reham1

It’s not a large painting, but it’s striking. Regretfully, at the time, Reham didn’t make it a point to sign her work, and I didn’t manage to connect with her again before we left for Canada. When I shut my office door, the painting is just outside the line-of-sight for a client, but the colours often capture their attention, and they will turn to look at it directly.

The interpretations of meaning have been varied and interesting. Sometimes, the meaning-making of my client adds to the therapeutic process, sometimes, it’s a distraction or deflection from a painful internal process, and sometimes, it’s a trigger.

All from observing the same object.

My favourite response (so far) was from a client (looking for a distraction to the moment) who said, “That’s a religious symbol. I don’t think that’s appropriate in your office.”

reham2To which I replied, “Well, it’s possible that painting could be a bit of self-disclosure if I were pushing some sort of religious agenda, but I’m pretty sure the Muslim artist didn’t have Christian icons in mind when she painted that.”

His response? “Oh.”

We find what we’re looking for, see what we expect to, and hear very little of anything that contradicts our internal belief framework. Every individual on the planet is subject to bias confirmation. It’s a human trait. It is in refusing to acknowledge this universal truth, and to intentionally and consciously make room for the possibility of error, distortion, or misunderstanding in our thinking that we go awry.

While in Kuwait, I was privileged to be part of a fairly large social group, all professionals,reham3 some expats, some residents, and some Kuwaitis. What made this group so enjoyable were the debates and discussions held over Friday lunches at various restaurants in Marina Crescent. Just name any global issue you care to mention and the opinions, experience, and knowledge around the table were as varied as the countries we hailed from. It’s quite the thing to put forth an opinion about some topic and have it vociferously challenged by people equally intelligent, educated, and passionate. Cultural assumptions, biases, and blindness soon became apparent. We all soon learned a universally-held truth or self-evident fact clearly wasn’t so ‘universal’ or ‘self-evident!’

The lesson in all this?

So much of our worldview is entirely subjective. Not a bad thing unless that subjective perspective is held to be absolute truth. This is the stuff of dogma. Fanatical investment in a position that has no foundation other than personal interpretation of an experience, idea, or situation. Development of extremism in the name of the deity, cause, or faction to which one adheres, whether Fundamental Baptist, Radical Islam, or the Jim Jones’ of the world begins with, “I’m right and there’s no room for doubt.”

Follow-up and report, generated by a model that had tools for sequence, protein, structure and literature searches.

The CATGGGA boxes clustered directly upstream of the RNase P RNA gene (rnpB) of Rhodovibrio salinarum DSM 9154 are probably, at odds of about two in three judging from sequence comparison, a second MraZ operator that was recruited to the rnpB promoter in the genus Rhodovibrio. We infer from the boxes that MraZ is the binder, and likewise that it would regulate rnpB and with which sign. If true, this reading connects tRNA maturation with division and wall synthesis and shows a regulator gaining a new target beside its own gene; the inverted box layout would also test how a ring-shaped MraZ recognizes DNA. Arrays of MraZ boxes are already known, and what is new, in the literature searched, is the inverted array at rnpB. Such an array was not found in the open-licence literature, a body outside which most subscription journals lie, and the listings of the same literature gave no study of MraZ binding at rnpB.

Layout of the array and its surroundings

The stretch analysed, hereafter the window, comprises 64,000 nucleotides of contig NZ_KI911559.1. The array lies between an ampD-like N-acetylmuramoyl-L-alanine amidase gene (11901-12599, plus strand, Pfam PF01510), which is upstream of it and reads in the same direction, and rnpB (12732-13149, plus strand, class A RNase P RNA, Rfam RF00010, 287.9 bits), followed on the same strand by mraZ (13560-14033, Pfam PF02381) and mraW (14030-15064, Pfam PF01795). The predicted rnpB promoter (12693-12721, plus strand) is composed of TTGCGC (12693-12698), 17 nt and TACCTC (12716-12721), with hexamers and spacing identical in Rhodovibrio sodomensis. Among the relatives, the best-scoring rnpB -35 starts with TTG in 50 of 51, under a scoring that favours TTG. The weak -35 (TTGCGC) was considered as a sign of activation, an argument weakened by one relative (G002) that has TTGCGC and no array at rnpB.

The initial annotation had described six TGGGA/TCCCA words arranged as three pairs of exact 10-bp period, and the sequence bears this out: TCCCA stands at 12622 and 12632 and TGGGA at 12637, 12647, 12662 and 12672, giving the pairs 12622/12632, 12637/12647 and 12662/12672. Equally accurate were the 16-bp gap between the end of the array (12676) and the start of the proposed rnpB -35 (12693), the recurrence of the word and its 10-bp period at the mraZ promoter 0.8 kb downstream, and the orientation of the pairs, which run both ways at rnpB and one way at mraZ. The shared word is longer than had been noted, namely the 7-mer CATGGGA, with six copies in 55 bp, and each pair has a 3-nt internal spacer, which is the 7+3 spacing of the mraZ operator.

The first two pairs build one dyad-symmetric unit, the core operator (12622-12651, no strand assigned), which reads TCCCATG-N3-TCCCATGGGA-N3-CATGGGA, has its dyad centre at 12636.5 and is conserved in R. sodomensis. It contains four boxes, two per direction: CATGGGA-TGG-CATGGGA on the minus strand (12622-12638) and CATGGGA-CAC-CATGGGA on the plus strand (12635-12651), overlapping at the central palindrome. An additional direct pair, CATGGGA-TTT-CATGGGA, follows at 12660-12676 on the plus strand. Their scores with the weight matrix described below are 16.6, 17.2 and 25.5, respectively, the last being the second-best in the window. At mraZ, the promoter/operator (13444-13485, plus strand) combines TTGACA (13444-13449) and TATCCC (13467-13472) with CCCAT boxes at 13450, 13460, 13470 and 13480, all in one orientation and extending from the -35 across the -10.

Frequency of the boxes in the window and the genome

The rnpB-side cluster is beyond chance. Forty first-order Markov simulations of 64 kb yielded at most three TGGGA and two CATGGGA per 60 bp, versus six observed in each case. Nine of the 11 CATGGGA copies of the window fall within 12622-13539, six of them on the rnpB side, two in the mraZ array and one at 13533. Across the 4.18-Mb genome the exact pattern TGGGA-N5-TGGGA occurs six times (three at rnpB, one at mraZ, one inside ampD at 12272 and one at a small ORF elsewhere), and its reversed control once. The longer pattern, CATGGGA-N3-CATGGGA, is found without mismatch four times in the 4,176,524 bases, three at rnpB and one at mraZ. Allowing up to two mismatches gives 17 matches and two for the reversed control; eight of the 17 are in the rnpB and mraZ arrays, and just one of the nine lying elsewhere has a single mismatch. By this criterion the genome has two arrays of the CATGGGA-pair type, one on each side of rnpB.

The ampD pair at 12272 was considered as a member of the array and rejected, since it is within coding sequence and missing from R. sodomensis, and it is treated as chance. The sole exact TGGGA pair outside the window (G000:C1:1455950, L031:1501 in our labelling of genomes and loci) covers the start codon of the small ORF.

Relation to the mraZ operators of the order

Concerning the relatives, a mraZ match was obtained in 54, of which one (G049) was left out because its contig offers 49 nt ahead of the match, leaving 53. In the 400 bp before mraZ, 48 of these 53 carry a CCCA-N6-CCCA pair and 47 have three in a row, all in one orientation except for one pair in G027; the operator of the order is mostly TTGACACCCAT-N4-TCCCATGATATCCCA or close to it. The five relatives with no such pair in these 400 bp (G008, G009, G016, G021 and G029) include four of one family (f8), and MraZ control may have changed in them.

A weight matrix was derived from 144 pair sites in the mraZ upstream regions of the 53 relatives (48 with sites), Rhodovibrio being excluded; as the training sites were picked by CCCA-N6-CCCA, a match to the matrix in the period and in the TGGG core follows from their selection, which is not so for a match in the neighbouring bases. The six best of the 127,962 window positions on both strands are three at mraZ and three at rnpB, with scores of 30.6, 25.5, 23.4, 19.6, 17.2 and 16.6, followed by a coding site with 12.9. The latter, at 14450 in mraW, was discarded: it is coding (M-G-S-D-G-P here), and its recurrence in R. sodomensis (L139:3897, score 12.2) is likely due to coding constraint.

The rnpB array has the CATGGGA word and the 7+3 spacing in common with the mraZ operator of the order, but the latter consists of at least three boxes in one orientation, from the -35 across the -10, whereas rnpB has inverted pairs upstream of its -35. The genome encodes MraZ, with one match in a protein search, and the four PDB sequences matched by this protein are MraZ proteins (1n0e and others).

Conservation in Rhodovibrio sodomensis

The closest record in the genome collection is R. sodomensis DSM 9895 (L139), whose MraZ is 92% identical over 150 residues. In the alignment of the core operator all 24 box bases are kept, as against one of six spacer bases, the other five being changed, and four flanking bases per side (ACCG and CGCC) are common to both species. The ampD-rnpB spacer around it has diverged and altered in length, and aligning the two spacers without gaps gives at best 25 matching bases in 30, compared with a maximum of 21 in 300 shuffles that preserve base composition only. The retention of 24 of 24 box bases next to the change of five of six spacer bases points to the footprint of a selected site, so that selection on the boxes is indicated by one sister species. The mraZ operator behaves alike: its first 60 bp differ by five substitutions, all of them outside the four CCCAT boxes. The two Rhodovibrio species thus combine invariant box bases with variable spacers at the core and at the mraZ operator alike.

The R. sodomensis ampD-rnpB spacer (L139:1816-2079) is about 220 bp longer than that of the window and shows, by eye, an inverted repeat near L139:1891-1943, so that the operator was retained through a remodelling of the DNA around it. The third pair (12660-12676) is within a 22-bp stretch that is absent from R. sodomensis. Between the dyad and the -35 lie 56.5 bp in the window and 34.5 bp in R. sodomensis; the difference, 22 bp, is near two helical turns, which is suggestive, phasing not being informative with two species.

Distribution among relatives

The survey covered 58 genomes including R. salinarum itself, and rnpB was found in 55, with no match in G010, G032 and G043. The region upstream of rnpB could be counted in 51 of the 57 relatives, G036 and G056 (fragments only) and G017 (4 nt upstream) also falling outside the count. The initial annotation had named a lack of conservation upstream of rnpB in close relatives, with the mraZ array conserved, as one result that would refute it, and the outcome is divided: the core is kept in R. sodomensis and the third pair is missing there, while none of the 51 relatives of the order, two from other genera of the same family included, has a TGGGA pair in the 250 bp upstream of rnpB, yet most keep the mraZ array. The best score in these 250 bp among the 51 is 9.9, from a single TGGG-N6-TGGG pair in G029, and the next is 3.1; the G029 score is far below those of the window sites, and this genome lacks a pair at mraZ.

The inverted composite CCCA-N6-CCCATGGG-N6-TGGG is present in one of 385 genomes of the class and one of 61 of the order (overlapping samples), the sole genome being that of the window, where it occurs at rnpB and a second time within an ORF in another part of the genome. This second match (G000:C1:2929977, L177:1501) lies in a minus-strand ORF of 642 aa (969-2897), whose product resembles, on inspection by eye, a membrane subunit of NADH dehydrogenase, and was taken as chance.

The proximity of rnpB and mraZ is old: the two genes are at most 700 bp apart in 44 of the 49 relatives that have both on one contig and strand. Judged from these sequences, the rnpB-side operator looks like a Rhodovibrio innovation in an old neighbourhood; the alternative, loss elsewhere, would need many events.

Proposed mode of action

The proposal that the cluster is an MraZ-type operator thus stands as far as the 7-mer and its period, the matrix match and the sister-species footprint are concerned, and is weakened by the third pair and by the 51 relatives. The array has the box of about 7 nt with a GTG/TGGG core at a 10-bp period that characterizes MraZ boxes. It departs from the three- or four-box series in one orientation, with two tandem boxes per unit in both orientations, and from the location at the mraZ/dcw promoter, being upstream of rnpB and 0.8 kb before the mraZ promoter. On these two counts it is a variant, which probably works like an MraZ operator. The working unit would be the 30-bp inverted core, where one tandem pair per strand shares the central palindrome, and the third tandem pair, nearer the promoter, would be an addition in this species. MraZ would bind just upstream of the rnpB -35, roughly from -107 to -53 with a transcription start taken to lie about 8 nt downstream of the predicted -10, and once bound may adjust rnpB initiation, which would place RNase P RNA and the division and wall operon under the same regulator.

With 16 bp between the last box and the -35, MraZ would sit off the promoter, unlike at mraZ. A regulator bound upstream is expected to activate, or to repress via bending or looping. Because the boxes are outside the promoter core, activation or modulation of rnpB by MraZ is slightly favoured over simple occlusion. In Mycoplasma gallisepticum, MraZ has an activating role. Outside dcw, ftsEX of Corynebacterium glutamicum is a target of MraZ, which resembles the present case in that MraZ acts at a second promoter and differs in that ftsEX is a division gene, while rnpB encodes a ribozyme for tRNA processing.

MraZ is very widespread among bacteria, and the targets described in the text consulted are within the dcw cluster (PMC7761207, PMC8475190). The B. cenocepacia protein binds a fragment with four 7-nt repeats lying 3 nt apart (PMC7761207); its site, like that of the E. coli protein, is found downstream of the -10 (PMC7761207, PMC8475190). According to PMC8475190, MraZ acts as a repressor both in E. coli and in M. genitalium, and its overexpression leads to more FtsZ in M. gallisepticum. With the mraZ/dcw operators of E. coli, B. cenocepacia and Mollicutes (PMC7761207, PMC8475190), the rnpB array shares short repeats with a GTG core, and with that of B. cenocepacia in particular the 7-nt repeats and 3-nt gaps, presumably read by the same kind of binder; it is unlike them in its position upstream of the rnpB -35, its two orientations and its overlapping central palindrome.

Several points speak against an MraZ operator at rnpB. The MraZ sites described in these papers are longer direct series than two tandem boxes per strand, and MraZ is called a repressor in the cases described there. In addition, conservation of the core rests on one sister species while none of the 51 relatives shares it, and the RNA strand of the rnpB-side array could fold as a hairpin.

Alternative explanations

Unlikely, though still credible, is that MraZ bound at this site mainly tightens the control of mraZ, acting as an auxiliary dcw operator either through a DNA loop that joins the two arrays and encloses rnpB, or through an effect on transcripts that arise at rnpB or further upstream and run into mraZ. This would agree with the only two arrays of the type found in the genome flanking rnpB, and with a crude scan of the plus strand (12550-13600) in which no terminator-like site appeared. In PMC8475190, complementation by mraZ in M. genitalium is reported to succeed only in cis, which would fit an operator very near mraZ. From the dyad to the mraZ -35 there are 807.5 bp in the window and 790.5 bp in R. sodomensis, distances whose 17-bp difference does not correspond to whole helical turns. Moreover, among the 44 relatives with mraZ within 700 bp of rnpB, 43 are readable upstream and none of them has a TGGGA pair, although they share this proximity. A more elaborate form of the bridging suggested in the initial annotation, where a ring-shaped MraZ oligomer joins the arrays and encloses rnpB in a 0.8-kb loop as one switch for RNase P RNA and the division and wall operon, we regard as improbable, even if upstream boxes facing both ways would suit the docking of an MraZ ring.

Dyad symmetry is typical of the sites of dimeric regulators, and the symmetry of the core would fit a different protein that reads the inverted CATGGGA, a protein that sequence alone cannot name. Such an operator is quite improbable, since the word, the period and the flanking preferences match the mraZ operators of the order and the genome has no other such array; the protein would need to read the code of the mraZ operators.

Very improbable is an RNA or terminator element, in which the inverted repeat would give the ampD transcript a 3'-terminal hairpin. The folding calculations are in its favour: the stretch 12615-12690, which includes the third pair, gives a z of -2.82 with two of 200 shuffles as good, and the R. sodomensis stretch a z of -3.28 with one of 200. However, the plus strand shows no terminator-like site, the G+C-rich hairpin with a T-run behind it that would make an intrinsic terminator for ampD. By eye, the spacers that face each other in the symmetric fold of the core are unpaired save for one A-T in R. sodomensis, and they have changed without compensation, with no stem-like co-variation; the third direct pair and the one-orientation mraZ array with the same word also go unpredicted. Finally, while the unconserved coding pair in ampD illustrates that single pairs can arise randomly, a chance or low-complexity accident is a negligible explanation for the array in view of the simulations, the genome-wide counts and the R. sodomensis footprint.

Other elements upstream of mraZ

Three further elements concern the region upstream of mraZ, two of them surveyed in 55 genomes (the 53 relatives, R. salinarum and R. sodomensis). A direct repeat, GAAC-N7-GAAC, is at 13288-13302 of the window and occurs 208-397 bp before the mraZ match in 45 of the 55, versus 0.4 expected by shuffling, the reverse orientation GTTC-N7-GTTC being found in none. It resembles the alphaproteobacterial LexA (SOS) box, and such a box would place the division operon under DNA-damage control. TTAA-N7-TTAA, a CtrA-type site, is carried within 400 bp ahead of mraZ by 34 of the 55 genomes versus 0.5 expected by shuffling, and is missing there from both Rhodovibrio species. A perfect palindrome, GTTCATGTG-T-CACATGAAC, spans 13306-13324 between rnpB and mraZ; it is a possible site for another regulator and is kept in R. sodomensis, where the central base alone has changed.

We fool ourselves so much we could do it for a living. ~ Duma Key (Stephen King)

Amongst my psychology friends and colleagues, it is not unusual to hear, “Now that’s diagnostic behaviour.” Sometimes we’re being funny, or dry, or sarcastic, but often, it’s a genuine reflection of what we’ve observed. Individuals who have a close-minded or rigidly inflexible approach to life situations tend to exhibit behaviour at odds with the circumstances. We cannot hide the basic framework of our internal landscape for long, and never completely. When the words and the actions don’t match, go with the actions. They tell the truth.

My point?

reham4The subjective interpretation of life makes it interesting – unless that subjective perspective is imposed on the subjective experience of others. You experience a painting as glorious; filled with layers of meaning, intriguing, and captivating. Your partner thinks it’s the most ridiculous thing that the painting is even considered ‘art’ and even worse, that the gallery paid for it. With an open mind and a listening heart, the discussion over wine at the local tapas bar could be scintillating, energizing, and thought-provoking. As it would be with any subject in the same circumstances.

Or that discussion could be an argument; shrill, and hurtful as one or the other demands that the his/her  view be adopted with implicit judgment of the other for a contrary position.  It doesn’t matter the topic, the experience, or the circumstance. Rigid and inflexible perspectives lead nowhere good.

Is there objective truth? Absolutely. The world is round; gravity exists; the moon influences the tides …but the experience of those tides? Something else entirely.

When I move into my new office tomorrow, Reham Al-Reshaid’s untitled work is moving with me. It’s too glorious to leave behind.

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Feeling Chuffed

cover_issue_1_en_usThis week, after a year’s worth of work (and even longer time discussing) an article I’ve been working on with some really stellar professionals, has been published. Though I write much and am regularly published online and in magazines, this is different.

Collaboration with some very stellar peeps in the psych field produced a wonderful finished piece, much better than I could ever have done on my own. Thanks to Louise Lambert, Ed., for the idea, the encouragement, and the persistence in shepherding this idea from mere discussion to a published article.

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Not really cheating …or is it?

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Building connection through shared activities.

Couples often come for help because there has been infidelity, or the mutually acknowledged imminent risk of an affair. Also often, in completing a clinical interview and exploration of the history of the relationship, it becomes evident that ‘cheating’ was happening in significant ways before the physical affair.

The research data out of The Gottman Institute is long term, and unambiguous, encompassing multitudinous couples. Sometimes, something apparently innocuous grows to become A Thing which can threaten the health of an already existing intimate relationship. When individuals within a committed relationship begin to make emotional connections with a degree of intimacy that rivals their primary partnership, trouble brews

3 ways we may be cheating

It is a myth of epic proportions (and a completely unrealistic expectation) that one individual is capable of meeting all of another’s need for emotional connection and intimacy. Paradoxically, it also a reality of being human that we need to experience a degree of intimate connection with another individual that is mutually exclusive; to be known and accepted as is. This need is what makes the pain of betrayal so significant. When an individual, as part of a couple, discovers that this degree of intimacy has been extended to a third party, emotional and psychological security evaporates.

In what ways might you be unintentionally or inadvertently jeopardising the health & happiness of your relationship?